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CEOs

How Restructuring Debt Can Help Your Business

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Most companies don’t like to think about debt.

Granted, debt frequently is a necessary evil, but once a company lines up its financing, it tends not to think about it again outside of paying it down.

And that’s a big mistake.

Every business should annually review its debt to ascertain if there’s a way to improve the picture and not wait for a problem to develop.

Think about where your personal life was back in, say, 2011, and compare it to the present day. Your marriage may have ended – or a new one was started. Perhaps a parent passed away. That son or daughter who was a gawky middle school student is now a confident young adult preparing to enter college.

Or consider the Philadelphia Phillies, who won the most games of any baseball team in 2011 (although they didn’t win the World Series) and are now coming off a season where they were the league’s worst team.

Your business has probably changed, too.

Maybe that product you launched has wildly succeeded. Could it be that your chief competitor went belly up? Perhaps improved technology had decreased your production costs – and increased your profits.

In other words, life is always changing, so what made sense then might not make sense now. Interest rates may be different, there could be new incentives offered by various levels of government and your business simply may be more appealing to lenders because you’re generating higher levels of collateral, credit and cash flow.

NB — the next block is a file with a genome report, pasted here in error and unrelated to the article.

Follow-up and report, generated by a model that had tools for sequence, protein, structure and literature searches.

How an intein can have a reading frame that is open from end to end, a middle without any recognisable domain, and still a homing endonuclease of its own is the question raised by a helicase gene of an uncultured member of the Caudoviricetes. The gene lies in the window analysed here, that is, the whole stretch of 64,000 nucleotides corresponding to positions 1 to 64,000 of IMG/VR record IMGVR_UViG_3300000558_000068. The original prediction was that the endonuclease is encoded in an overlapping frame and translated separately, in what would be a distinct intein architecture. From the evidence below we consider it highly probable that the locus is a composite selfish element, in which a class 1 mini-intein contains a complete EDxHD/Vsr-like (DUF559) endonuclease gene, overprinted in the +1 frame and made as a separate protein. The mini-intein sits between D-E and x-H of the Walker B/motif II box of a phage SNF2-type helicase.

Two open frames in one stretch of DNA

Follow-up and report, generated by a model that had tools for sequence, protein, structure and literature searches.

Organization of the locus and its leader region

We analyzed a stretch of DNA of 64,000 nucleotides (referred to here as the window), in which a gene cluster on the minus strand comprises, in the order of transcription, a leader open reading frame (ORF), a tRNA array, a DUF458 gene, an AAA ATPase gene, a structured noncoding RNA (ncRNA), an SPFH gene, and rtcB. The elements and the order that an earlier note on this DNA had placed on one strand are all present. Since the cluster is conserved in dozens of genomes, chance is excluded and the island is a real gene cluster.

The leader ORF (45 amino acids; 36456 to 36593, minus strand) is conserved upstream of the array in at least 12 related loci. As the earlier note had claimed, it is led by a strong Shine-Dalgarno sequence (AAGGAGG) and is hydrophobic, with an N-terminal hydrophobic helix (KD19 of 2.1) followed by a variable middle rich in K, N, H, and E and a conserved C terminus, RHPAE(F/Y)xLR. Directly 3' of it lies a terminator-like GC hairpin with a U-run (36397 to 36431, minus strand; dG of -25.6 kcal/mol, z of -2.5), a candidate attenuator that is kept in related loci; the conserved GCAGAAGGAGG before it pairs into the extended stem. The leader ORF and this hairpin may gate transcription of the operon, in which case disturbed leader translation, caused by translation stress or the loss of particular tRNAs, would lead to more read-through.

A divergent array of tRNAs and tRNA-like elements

Back in 2011 (or whatever year you choose), it’s possible you were rejected for a loan backed by the  federal Small Business Administration  (SBA), forcing you to work with an alternative lender who charged high interest rates and featured unfavorable terms.

Today, you may well be eligible for an SBA loan or a conventional bank loan at much better rates.  Just the interest savings alone could sharply improve your financial picture.

At the very least, a debt review will push a business owner to at least consider loan options that hadn’t considered in the past.
That said, debt review isn’t for the faint hearted.

Your current lender isn’t going to be happy to see you go – especially if you’re paying an exorbitant amount of interest – and may suggest that you risk running out of money or losing your flexibility if you change lenders.

Don’t fall for scare tactics, which means you must be able to resist the pressure to stay put, not to mention plain old inertia. Just remember that your primary allegiance is to your business, not your lender.

There really is no downside to a debt review. If things haven’t progressed as much as you had hoped, you can always stick with your current financing. The only thing lost is a bit of time – and it’s certainly not time wasted since, at the very least, you’ll know exactly where the company stands and what financial options you might have, both now and in the future.

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